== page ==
Monday, October 19, 2009

T-Shirt Quilt Step One, two, and three

I have been a bit crafty lately. I decided to take all of my old t-shirts that I'm really attached to and make them into a t-shirt quilt. You really only need so many t-shirts in your life anyway, but they always have such strange memories attached to them... so I almost always find it really difficult to throw them out or give them away.

A quilt means I can save them forever! And my kids (or probably my nieces and nephews) will see how awesome I was when I was a teenager!

T-shirts! - I have 12 in mine: 3 by 4 makes a double I think
Batting!- You can get really cheap bags that come in a pre-set size (twin, double, queen etc)
Backing! - Enough to cover the back of your quilt. The sales lady helped me find something that was triple wide so I wouldn't have to have seams down my back
Piecing material - I am using the same material as my backing, because I am lazy about trying to match something to 12 different t-shirts and also because my budget wouldn't let me go crazy. This is going to be used to fill in the actual blocks cut from the t-shirts so they are all the same size - good luck figuring out how much you'll need. I just bought a shit-ton.
Fusible/non-woven/medium weight interfacing! - to make the t-shirts usable.

You'll also need:
A sewing machine!
A rotary cutter!
An iron! (I just bought my first one ever!)
A cutting mat!
Clear block ruler.
and thread!

Step one:

I sat down and actually figured out which t-shirts I was going to use. I ended up needing three, so I stole a few from our most recent clothing swap and also one from my mom.

(Some of my treasured old rags)

Step two:

Maybe a professional would tell you to do this in a different order but this is what worked for me. I cut out the print from each t-shirt, and tried to do it in a way that I got the largest sized block I could. I didn't try to make them all the same size at this point - I just wanted to see what I would/could be working with. You can always regulate their sizing later.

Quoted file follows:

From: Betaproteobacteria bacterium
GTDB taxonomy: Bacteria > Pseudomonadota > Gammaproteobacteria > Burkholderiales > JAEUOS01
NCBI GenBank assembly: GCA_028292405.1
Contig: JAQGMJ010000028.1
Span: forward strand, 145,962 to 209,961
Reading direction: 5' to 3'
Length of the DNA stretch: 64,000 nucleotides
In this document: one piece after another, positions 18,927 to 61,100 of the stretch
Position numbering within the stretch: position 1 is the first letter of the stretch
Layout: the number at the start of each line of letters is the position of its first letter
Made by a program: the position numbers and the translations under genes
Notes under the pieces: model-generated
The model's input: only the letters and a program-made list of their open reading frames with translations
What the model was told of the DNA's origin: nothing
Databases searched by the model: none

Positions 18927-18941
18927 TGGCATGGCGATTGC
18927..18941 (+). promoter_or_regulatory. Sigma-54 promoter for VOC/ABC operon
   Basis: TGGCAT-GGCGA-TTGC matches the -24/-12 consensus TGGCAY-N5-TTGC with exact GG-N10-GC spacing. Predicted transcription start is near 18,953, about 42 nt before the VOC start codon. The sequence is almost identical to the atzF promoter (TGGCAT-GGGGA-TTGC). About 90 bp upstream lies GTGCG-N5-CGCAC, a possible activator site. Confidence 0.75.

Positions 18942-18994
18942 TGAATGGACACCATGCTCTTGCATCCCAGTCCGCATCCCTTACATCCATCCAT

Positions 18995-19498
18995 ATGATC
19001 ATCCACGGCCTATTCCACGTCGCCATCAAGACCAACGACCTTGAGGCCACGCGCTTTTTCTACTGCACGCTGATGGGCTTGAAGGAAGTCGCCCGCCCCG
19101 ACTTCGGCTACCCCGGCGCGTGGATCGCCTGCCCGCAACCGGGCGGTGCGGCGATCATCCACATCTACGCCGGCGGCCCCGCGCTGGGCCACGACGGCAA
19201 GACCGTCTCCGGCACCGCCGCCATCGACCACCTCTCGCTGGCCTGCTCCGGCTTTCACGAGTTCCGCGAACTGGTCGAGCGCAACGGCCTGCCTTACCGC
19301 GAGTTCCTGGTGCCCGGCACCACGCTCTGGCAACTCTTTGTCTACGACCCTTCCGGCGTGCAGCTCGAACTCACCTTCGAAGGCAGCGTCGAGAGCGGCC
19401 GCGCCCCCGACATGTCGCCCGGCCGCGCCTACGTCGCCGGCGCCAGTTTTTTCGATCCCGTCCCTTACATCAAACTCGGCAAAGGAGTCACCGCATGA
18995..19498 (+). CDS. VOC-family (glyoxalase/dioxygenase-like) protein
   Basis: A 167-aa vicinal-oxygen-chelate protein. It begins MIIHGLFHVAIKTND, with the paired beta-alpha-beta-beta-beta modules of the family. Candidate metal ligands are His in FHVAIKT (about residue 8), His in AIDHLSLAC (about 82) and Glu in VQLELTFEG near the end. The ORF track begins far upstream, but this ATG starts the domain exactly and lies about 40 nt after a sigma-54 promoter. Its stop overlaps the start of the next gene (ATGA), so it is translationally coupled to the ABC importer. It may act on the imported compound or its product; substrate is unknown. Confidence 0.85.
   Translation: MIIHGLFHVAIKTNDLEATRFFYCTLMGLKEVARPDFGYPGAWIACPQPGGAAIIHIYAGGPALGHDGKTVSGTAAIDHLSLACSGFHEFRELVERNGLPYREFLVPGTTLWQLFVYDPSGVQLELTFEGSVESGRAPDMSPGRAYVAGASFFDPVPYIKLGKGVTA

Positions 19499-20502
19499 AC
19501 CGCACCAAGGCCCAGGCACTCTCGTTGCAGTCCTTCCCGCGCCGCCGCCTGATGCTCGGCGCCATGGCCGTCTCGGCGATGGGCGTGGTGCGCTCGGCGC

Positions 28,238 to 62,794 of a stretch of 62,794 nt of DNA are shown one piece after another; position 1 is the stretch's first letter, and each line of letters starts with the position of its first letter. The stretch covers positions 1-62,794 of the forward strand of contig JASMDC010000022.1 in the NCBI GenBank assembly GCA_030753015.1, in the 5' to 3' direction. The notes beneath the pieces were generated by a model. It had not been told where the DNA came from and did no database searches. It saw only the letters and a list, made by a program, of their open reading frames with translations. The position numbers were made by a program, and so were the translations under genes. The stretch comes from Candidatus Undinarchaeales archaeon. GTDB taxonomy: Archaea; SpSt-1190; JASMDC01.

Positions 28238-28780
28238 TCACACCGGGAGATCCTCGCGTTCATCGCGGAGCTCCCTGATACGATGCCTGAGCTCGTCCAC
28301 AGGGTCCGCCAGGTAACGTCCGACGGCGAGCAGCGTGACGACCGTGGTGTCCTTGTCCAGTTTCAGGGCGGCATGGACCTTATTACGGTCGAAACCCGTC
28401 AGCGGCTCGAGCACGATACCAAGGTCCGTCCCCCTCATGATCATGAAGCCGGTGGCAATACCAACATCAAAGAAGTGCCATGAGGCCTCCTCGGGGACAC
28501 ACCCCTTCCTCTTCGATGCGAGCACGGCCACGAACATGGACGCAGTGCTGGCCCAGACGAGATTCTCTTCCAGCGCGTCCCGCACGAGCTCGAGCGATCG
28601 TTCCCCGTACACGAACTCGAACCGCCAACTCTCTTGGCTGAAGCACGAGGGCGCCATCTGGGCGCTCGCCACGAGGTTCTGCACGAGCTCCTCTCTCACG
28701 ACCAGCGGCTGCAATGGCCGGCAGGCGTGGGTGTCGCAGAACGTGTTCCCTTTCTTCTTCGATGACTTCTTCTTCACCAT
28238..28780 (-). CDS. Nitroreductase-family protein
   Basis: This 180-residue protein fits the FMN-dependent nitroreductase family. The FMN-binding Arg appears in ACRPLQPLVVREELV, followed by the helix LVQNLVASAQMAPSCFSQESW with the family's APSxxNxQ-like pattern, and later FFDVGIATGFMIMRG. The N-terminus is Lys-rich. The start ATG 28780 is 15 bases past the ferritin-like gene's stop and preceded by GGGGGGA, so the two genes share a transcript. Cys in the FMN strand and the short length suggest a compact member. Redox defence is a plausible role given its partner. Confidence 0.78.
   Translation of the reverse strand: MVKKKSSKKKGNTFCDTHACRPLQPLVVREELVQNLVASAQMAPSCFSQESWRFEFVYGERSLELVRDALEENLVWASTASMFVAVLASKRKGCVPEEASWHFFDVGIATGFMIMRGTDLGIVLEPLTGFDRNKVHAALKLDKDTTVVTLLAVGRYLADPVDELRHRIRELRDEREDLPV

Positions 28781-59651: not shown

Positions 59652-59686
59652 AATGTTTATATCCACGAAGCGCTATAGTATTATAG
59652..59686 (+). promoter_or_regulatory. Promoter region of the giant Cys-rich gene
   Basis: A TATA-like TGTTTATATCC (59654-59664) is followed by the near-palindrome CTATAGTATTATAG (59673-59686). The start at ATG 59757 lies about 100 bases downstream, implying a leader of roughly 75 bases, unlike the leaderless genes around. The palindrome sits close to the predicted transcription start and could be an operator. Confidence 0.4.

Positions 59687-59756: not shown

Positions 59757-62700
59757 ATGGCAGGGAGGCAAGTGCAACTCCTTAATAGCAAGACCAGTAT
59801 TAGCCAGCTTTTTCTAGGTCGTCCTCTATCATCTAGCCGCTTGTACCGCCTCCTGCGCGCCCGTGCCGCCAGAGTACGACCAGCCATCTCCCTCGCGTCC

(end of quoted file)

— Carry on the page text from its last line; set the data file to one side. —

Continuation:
Knits (t-shirt material) is literally horrible to make a quilt out of. It stretches like no ones business, and is pretty heavy. So even if you did some how succeed in cutting a perfect square or rectangle block out of it, your quilt would eventually turn into a pulled-out, ugly old rag if you used it more than once.

The solution is to buy fusible, non woven, medium weight interfacing. You get to iron it on the back of each shirt (glue side down!) and then suddenly the fabric makes a lot more sense.

(A shirt with interfacing on it)

Step three:

(my non measured pieces)

Spread your pieces out on a floor or huge table. Move them around and put them into the order you want for the finished product.

I measured each block and figured out what size I wanted the finished block to be. I usually tried to do it so I had roughly an inch on all sides of the image. Write down the measurements for each block or else you will cry later!

(I drew it out a poorly to scale version showing which shirt was where, and how large the finished piece would be because I am a visual person)

So from here you can figure out the widest and tallest pieces (one was 12" wide and another one was 11" tall). I want a border all around each shirt for consistency's sake so I figured out that a completely finished block would be 14" x 14". This means I'll have to cut borders for each shirt and all the border pieces will have to be customized for all my different sized shirts. Annoying, but at least my finished blocks will all be the same size in the end.

So before you cut: WAIT!
Make sure you add 1/4" to all sides of every piece you cut for sewing allowance. This will mean that a shirt piece that is 10" x 10" finished will actually be cut 10.5" x 10.5"

Man this probably makes no sense what so ever.
I'll post more steps later, but I'm tired already.

In any case here is my first 14"x14" block... just so you can see a finished one.

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